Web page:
Transactions and payments are the fundamental blocks of running a business. Invoices help you record all the transactions you make with your clients and customers. But with companies working on different business models, the type of invoices issued can also vary.
In this post, we’ll discuss the main types of invoices every business should be aware of.
Types of Invoices
Invoices are of various types. If we sit down and list each and every one of them, the list will probably go past 15. Different recurring billing and invoice systems may support different invoice types.
So, instead of covering all types of invoices, we’ll delve into the ones that you’re likely to use in your day-to-day business operations.
1. Pro Forma Invoice
A pro forma invoice is like a pre-invoice that you send to your customer before fulfilling the order. This invoice doesn’t ask for payment. Instead, you use a pro forma invoice to show your customer how much they’ll pay once you deliver the product or service.
2. Interim Invoice
If you’re working on a large project spread across months, sending a final invoice at the end of the project might not be the best bet. And there are several reasons for it. Maybe your consumer doesn’t like the final product and rejects it completely. Or perhaps a price agreement issue may arise.
An interim invoice breaks down a large project into several smaller components. So, instead of sending the final invoice at the end of the project, you can send interim voices as you work.
Additionally, interim invoices also help you manage your resource and cash flow. When you work on a big project, keeping track of the labor and resources spent can be a hurdle. With interim invoices, you can better manage your resources.
3. Final Invoice
As discussed, the final invoice is the one you send after you complete the project or order. This invoice lists down all the work you’ve done, including the products and services you’ve provided. Since the final invoice is a demand for payment, it should include the necessary details, like total cost, payment methods, and due date.
The timing of the final invoice is critical. Be sure to send it as soon as you complete the work so you can get healthy cash flow in your business.
4. Past Due Invoice
Missed invoices are a common issue faced by small business owners. In fact, 39% of invoices in the US are paid late, showed a report by Sharescpace. A past due invoice is issued when your customers don’t pay you by the due date.
The purpose of a past due invoice is to remind a customer that they have missed the final invoice due date. When creating a past due invoice, mention all the details from the final invoice, along with any late fees or penalties you’re charging.
Similar to final invoices, timing is a critical factor in past due invoices, too. Be sure to send the invoice immediately after a customer misses the final invoice due date.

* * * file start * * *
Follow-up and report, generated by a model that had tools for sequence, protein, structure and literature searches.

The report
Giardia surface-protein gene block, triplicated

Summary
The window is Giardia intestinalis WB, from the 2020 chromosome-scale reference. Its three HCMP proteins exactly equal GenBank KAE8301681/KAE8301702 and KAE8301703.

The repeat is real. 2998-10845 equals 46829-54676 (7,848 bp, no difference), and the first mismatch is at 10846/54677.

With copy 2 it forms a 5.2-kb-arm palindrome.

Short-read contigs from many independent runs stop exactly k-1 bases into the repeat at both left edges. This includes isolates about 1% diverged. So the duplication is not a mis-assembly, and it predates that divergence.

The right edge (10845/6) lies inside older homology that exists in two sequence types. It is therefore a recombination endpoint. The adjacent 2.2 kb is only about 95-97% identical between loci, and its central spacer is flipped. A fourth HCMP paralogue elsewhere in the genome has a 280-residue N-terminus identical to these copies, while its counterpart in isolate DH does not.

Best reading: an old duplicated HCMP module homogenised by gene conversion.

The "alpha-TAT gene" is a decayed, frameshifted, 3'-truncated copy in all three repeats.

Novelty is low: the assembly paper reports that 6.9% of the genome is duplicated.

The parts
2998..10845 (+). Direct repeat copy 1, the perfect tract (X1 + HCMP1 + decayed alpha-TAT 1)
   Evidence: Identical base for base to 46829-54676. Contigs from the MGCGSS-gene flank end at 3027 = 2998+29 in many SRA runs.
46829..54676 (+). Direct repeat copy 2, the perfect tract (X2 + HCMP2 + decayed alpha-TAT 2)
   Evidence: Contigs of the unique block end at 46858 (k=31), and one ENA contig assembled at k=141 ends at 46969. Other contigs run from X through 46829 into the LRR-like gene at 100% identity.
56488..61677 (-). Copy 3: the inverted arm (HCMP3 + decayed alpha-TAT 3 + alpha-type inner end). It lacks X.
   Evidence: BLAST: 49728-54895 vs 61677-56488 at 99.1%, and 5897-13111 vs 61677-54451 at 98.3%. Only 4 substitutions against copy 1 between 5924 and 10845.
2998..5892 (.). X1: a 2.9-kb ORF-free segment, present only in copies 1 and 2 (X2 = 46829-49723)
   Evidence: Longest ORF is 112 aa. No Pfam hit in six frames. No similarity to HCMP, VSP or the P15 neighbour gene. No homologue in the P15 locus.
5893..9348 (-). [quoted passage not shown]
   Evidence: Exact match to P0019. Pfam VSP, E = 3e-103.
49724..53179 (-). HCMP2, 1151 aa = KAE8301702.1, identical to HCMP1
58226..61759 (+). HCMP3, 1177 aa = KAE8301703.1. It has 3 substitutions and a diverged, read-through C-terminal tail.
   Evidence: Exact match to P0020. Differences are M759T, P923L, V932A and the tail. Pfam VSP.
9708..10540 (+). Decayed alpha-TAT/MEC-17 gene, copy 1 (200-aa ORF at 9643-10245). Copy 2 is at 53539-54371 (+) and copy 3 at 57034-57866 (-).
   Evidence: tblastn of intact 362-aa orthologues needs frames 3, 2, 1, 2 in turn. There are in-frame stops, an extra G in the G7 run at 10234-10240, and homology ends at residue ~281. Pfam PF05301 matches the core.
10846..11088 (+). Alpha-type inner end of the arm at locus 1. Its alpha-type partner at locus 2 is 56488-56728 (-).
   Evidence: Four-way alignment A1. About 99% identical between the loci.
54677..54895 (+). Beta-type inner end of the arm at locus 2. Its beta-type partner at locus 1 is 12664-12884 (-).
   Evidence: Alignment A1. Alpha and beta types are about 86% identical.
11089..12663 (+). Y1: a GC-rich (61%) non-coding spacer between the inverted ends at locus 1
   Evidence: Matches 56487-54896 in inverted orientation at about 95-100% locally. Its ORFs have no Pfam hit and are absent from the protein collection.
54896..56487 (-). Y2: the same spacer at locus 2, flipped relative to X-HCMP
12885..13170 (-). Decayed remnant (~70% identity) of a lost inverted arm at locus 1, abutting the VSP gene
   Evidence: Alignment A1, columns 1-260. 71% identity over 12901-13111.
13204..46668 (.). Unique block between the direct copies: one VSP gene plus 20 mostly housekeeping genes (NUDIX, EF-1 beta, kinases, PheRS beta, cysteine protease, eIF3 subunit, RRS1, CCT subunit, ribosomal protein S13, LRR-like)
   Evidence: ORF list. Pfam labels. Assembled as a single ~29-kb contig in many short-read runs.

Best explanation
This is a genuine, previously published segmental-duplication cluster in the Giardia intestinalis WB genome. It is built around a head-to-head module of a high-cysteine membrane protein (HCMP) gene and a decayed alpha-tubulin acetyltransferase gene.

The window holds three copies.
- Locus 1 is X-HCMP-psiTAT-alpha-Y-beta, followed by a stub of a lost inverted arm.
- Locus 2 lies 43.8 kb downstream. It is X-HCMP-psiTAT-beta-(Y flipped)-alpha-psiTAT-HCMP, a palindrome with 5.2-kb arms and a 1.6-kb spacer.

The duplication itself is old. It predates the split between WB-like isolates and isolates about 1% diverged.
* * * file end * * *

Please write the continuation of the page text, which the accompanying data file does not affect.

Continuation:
5. Recurring Invoice
Recurring invoices are mainly used by service providers. If you’re a freelancer or a digital agency, you likely charge the same amount every month. In such cases, you can use recurring invoices to bill your customers for the same amount repeatedly.
The use of limited invoices is not confined to freelancers and agencies. Let’s say you’re a security company that provides security to organizations on a contract basis. Since you’re probably charging the same amount every month, you can use recurring invoices to streamline your invoicing.
6. Credit Memo
A credit memo comes into play when you owe your customers money. Let’s say the product you supplied was damaged, and thus, was returned. Or you weren’t able to deliver the promised results, so your client now wants a refund.
In such instances, you can issue a credit memo that indicates the amount you owe to the customer. With a credit memo, you can either initiate a refund or provide credit to your customers that they can redeem later.
Must-Have Invoice Elements
Every invoice is unique and has a specified purpose. But regardless, the core purpose of an invoice remains constant – to record the exchange or transaction of products or services between two parties.
Hence, there are a bunch of elements that should appear on all the invoices. These include:
- Dates: Dates are one of the essential components of an invoice. Make sure you mention the date you created the invoice, the final due date, and any other dates worth mentioning.
- Business Information: Include all the necessary details about your company, such as name, contact information, and address.
- Customer Information: An invoice should also consist of all the information about the customer. This includes the customer’s name, contact information, and address.
- List of Items: The invoice should clearly mention all the products and services you had provided in the form of a clear, itemized list.
- Total Amount Due: You should mention the amount billed corresponding to each listed item. Towards the end, also state the total amount due, along with all the taxes or other charges added.
- Payment Terms: State all the payment terms and conditions. Mention all the payment methods you accept, such as cash, cards, check, etc. Also, state guidelines, if any, regarding installments or partial payments.
- Invoice Number: Lastly, have a unique number for each invoice. You can later enter this number in your recurring billing and invoice system to refer to the invoices you’ve issued.
The type of invoice you issue can depend on the products and services you offer and the payment terms you’ve agreed upon. But a Sharespace report suggested that 61% of delayed payments are due to incorrect invoices.
Therefore, it’s essential to invest in a robust client payment tracker app that helps you create, send, and manage invoices efficiently.
Check Out Moon Invoice if you’re looking for a powerful and cost-effective recurring billing and invoice system.